There’s no better way to greet spring than with a heart-warming, flowery, and not at all threatening shoujo series. In many ways, shojo is analogous to the new year as it is full of hope and blossoming youth.
Keiko Suenobu’s Limit may be shojo, but it is not as flowery. Instead this page-turner continues to be one hell of a ride as it constantly breaks down teenage relationships with an almost shocking mix of thrills and chills, akin to the harshness of winter. And volume four is by far the most enthralling yet, reaching the series’ darkest depths yet with murder and corruption taking the spotlight.
One of the girls has been found dead. With no one owning up to her murder, everyone in this small group of broken survivors find themselves at odds with each other. Because all trust is lost, conflict begins to boil over into violence. And with two already not returning home, will the rest of the group be able to pull themselves together, or will even more perish in this horrific tragedy?
Limit will grip its readers and force them into a place where appearance means nothing and a strong will is necessary to survive, making them reflect on their own lives. With incredibly strong writing and tension dripping off each page, Limit still brings as unforgettable experience this far in. This new volume of Limit continues the trend of each volume as rewarding as it is depressing, make sure to add it to your shopping list through this summer.
With school violence and bullying hot topics in today’s media there are no doubts as to why Keiko Suenobu’s Limit has captivated a growing audience. Scenes of shallow high school society that everyone has lived through has been eliminated from memory, as a dire, desperate world becomes fully realized through the pages of Suenobu’s comic. Limit deconstructs the relationships between teenagers and presents them in a setting where focusing on the superficial aspects of them will result death. Far away from their comfort zones, these girls might not survive this ordeal if they don’t survive each other. Unlike in high school, there’s no home for them to return to.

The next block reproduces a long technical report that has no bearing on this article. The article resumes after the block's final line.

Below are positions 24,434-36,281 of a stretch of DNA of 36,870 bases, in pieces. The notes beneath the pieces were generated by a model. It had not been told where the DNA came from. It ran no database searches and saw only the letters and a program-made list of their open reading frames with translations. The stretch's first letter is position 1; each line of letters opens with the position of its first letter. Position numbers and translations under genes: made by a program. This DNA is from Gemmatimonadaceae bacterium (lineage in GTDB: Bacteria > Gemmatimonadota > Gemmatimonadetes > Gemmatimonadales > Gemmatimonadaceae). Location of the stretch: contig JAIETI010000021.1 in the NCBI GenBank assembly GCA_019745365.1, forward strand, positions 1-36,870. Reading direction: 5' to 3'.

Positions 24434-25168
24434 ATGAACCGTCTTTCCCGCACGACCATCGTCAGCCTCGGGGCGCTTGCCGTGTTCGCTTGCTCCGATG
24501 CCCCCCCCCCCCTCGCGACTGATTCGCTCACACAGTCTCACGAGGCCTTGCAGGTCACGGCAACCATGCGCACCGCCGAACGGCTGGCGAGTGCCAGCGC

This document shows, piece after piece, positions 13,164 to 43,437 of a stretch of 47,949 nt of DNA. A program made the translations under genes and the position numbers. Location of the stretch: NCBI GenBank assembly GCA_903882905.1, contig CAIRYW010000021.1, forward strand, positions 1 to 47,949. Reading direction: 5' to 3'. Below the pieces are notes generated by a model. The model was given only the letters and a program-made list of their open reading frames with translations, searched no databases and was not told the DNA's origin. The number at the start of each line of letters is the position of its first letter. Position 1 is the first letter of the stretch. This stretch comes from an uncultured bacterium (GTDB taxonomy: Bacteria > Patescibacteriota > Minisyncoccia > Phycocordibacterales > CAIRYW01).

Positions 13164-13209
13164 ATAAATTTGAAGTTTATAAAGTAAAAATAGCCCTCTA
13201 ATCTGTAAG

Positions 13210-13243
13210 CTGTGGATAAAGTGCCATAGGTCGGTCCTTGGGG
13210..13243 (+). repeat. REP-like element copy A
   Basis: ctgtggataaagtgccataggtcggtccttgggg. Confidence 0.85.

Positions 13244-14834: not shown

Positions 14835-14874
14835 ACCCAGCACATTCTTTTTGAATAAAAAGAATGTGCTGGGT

In this third volume, Morishige, the scythe wielding bully victim turned maniac dictator of the group, has lost her power, as one of her “underlings” has run off with her weapon. So will the other remaining girls in this Lord Of The Flies-esque situation forgive her for her dangerous actions or will they condemn her for what she’s done? The group’s dynamic is further changed once another survivor appears. However, the newest addition is not only a male, but also someone who’s been disgusted by how the group acted so far and begins to make a positive impact.
Keiko Suenobu is no stranger to writing manga that addresses the darker issues facing today’s youth. She isn’t afraid to put her characters in adverse situations to get into the thick of them and develop engaging narratives around them. Every moment in this unconventional shojo manga (girls comic) is chilling, making Limit one gripping and unforgettable ride every reader should take. Which is why rare shojo thrillers like Limit are poised to revitalize the shojo market at a time when the sector needs it the most.